Adults have four attachment styles: secure, anxious-preoccupied, dismissive avoidant, and fearful avoidant. The secure attachment style in adults corresponds to the secure attachment style in children. The anxious-preoccupied attachment style in adults corresponds to the anxious/ambivalent attachment style in children. However, the dismissive avoidant attachment style and the fearful avoidant attachment style, which are distinct in adults, correspond to a single avoidant attachment style in children. The descriptions of adult attachment styles offered below are based on the relationship questionnaire devised by Bartholomew and Horowitz[6] and on a review of studies by Pietromonaco and Barrett.[7]

There are several attachment-based treatment approaches that can be used with adults.[8] In addition, there is an approach to treating couples based on attachment theory.[9]
[edit]

Secure attachment

Securely attached people tend to agree with the following statements: "It is relatively easy for me to become emotionally close to others. I am comfortable depending on others and having others depend on me. I don't worry about being alone or having others not accept me." This style of attachment usually results from a history of warm and responsive interactions with relationship partners. Securely attached people tend to have positive views of themselves and their partners. They also tend to have positive views of their relationships. Often they report greater satisfaction and adjustment in their relationships than people with other attachment styles. Securely attached people feel comfortable both with intimacy and with independence. Many seek to balance intimacy and independence in their relationships.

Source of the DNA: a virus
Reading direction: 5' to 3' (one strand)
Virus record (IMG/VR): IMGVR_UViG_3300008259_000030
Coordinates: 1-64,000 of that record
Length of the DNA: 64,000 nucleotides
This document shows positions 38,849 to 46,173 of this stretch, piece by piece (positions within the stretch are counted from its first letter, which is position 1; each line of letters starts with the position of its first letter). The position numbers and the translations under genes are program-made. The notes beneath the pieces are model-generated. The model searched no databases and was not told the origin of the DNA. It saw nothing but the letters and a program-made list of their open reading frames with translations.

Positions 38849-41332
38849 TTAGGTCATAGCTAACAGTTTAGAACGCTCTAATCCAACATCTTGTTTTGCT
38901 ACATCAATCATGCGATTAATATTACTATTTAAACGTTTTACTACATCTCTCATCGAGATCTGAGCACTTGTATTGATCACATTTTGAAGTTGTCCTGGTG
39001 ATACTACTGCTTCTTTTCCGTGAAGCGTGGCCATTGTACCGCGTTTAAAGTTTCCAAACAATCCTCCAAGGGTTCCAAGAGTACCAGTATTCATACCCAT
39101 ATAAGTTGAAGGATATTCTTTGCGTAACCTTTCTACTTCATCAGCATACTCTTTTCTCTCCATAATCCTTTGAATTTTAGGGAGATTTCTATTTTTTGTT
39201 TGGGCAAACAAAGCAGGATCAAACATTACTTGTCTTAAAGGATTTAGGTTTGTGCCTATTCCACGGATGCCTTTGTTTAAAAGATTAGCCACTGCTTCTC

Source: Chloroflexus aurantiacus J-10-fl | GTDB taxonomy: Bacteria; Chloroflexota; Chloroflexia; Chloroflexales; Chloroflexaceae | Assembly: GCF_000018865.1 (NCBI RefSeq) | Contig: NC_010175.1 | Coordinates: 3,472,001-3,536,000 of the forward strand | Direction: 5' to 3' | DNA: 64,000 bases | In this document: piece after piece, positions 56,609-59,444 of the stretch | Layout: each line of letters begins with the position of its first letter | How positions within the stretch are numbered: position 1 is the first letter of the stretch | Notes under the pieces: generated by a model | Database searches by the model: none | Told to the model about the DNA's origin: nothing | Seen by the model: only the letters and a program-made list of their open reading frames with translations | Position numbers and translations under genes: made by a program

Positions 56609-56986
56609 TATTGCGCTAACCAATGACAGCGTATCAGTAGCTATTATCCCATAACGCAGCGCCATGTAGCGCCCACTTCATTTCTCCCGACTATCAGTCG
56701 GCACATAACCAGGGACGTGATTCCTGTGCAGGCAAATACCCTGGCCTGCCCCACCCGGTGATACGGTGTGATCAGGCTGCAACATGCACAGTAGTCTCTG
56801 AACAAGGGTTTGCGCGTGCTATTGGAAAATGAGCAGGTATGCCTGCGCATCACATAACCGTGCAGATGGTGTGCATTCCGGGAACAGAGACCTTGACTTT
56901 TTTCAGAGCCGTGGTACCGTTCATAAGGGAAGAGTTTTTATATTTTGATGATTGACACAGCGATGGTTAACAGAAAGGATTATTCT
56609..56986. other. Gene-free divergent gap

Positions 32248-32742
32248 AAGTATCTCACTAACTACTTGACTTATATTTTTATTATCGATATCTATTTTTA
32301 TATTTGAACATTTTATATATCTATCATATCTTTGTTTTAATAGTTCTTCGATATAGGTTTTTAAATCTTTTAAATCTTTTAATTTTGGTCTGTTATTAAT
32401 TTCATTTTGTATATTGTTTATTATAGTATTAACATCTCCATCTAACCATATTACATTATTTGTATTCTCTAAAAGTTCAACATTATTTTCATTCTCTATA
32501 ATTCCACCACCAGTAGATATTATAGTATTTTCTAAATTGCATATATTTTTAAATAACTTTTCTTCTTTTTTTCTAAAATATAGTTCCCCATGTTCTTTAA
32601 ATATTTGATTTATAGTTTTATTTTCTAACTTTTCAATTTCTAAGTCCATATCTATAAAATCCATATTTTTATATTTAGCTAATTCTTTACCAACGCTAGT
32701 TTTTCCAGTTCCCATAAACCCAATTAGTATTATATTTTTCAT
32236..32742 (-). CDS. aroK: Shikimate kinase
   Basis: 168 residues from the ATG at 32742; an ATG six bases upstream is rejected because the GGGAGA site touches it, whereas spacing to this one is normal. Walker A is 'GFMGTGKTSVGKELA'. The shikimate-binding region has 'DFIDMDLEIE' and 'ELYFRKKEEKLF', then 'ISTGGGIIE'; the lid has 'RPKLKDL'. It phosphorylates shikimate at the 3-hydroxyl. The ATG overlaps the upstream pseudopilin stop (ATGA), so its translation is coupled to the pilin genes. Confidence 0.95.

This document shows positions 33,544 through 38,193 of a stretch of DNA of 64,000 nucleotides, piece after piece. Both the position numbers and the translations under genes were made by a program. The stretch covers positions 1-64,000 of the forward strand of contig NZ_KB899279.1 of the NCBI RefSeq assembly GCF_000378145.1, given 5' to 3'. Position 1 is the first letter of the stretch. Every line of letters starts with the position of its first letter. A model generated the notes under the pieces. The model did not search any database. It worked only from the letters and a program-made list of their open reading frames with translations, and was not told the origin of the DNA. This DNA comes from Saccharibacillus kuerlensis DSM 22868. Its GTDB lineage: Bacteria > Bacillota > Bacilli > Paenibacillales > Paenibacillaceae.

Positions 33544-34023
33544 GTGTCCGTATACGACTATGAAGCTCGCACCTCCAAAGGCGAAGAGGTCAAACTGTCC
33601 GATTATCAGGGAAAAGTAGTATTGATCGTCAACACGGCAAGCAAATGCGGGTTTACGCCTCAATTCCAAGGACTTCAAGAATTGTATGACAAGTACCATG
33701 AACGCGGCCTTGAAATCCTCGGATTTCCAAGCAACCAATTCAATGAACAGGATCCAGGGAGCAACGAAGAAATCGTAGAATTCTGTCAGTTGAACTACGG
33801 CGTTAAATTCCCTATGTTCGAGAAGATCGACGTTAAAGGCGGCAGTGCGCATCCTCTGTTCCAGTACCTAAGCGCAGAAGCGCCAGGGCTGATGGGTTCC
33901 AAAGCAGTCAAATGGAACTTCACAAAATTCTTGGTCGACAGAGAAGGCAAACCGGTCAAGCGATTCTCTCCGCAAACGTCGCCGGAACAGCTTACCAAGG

[edit]

Insecure attachment
[edit] Anxious-preoccupied attachment

People who are anxious or preoccupied with attachment tend to agree with the following statements: "I want to be completely emotionally intimate with others, but I often find that others are reluctant to get as close as I would like. I am uncomfortable being without close relationships, but I sometimes worry that others don't value me as much as I value them." People with this style of attachment seek high levels of intimacy, approval, and responsiveness from their partners. They sometimes value intimacy to such an extent that they become overly dependent on their partners—a condition colloquially termed clinginess. Compared to securely attached people, people who are anxious or preoccupied with attachment tend to have less positive views about themselves. They often doubt their worth as a partner and blame themselves for their partners' lack of responsiveness. People who are anxious or preoccupied with attachment may exhibit high levels of emotional expressiveness, worry, and impulsiveness in their relationships.